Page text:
Turkish president Recep Tayyip Erdogan has said the country’s presidential and parliamentary elections will be held on May 14th, a month earlier than planned. If no candidate wins 50-plus per cent of the vote in the first round, a second election will be held on May 28th.
Mr Erdogan (68), who is seeking re-election, announced the change during a weekend youth conference in the city of Bursa. “I thank God that we are destined to share our path with you, our valued youth, who will vote for the first time in the elections,” said Mr Erdogan. He said “seasonal conditions” – exams, agricultural work and holidays – determined the change of date.
In office for 20 years as prime minister and president, Mr Erdogan faces his greatest electoral challenge due to devaluation of Turkey’s currency, soaring inflation, loss of revenue from Ukrainian and Russian tourists, and the presence of 3.5 million Syrian refugees in Turkey.
According to opinion polls conducted by his fundamentalist Justice and Development Party (AKP), there has been a rise in support for Mr Erdogan, who was given an approval rating of 53 per cent. The AKP received an approval rating 41 per cent. (Non-partisan polls give Mr Erdogan an approval rating of 50 per cent. The AKP received 41 per cent approval).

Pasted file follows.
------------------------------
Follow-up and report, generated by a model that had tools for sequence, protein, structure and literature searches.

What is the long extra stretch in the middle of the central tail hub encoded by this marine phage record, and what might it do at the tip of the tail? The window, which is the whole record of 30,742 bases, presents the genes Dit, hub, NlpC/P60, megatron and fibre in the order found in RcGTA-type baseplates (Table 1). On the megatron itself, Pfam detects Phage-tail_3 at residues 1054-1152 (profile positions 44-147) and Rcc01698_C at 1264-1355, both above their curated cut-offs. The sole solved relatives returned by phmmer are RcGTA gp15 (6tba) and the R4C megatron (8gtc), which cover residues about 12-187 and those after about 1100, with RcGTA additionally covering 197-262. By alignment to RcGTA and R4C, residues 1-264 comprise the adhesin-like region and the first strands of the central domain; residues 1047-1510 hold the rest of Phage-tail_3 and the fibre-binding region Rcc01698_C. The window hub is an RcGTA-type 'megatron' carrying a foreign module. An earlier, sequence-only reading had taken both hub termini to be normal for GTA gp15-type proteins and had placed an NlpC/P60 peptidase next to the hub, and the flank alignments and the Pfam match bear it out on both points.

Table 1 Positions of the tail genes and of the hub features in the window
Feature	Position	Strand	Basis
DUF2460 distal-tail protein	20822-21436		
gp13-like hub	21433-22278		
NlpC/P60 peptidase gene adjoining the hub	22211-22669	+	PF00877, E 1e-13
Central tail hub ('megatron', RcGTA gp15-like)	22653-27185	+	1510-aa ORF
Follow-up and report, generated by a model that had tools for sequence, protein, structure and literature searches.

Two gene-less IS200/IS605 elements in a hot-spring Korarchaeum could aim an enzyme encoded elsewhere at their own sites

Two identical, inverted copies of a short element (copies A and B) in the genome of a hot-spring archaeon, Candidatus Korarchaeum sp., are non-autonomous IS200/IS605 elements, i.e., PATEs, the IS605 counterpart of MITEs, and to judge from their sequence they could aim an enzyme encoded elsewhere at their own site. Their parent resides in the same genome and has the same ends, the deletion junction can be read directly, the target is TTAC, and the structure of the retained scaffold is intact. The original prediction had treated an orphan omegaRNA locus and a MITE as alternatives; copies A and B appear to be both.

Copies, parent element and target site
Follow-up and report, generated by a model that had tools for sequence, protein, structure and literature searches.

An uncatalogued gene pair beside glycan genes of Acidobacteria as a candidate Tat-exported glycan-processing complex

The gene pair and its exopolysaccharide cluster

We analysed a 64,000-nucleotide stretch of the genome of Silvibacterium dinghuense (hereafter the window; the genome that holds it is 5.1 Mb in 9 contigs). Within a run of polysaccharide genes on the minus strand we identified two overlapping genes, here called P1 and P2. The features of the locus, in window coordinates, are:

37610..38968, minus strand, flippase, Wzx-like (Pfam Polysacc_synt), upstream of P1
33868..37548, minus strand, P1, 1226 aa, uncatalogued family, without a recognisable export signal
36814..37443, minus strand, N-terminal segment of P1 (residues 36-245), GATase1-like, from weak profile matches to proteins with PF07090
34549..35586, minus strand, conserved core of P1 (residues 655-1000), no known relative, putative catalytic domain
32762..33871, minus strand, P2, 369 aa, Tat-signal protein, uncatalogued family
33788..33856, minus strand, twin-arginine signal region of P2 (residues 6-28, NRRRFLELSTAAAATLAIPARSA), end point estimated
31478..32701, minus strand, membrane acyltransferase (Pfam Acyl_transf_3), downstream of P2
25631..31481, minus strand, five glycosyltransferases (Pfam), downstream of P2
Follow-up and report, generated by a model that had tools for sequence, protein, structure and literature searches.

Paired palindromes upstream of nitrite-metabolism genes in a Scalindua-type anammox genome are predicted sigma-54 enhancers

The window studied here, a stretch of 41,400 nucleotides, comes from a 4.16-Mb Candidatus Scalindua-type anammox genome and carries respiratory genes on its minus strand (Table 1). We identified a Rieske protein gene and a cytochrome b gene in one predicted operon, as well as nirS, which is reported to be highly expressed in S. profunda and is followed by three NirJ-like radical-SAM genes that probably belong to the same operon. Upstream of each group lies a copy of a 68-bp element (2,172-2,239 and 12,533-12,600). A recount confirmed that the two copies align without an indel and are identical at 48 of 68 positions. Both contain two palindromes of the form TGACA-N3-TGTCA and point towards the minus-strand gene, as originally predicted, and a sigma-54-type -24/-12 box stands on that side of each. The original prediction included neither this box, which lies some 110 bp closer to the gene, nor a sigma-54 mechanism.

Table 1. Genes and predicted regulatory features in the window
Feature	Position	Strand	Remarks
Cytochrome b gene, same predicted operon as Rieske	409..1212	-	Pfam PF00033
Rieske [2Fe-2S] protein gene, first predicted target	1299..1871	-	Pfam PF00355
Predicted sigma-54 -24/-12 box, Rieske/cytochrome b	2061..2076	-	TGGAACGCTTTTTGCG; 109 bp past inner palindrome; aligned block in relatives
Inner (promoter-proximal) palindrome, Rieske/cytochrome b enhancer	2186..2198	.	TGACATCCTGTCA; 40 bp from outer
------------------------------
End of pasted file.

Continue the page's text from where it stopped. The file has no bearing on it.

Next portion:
The pro-government Turkish newspaper Sabah reported that voters have been attracted by increases in civil service wages, pensions, and the minimum wage as well as early retirement for two million workers. The newspaper said bickering has undermined the opposition alliance led by the secular Republican Turkish Party (CHP).
It has not named a candidate since a court imposed a ban in December on Mr Erdogan’s main rival, popular Istanbul mayor Ekrem Imamoglu. He was sentenced to three years’ imprisonment for allegedly insulting election council judges after they ordered a rerun of Istanbul’s 2019 mayoral election, which he had won. Mr Imamoglu, who is appealing the sentence, won the rerun by a landslide.
While he remains mayor and could contest the election pending appeals, he told the Financial Times: “They are taking an axe to democracy, literally denying people’s freedom to choose. [Voters] will respond to this deprivation at the ballot box in the 2023 elections, and this government will suffer a heavy defeat.” Were he to run and win, he could be barred from office if he loses appeals.
Turkey’s constitutional court is also set to bar the pro-Kurdish Peoples’ Democracy Party, the second most popular opposition grouping. It attracts the votes of most Kurds, who constitute 12-15 per cent of voters.
Turkey’s directorate of communications has not responded to a request by the The Irish Times for a comment on Mr Imamoglu’s ban.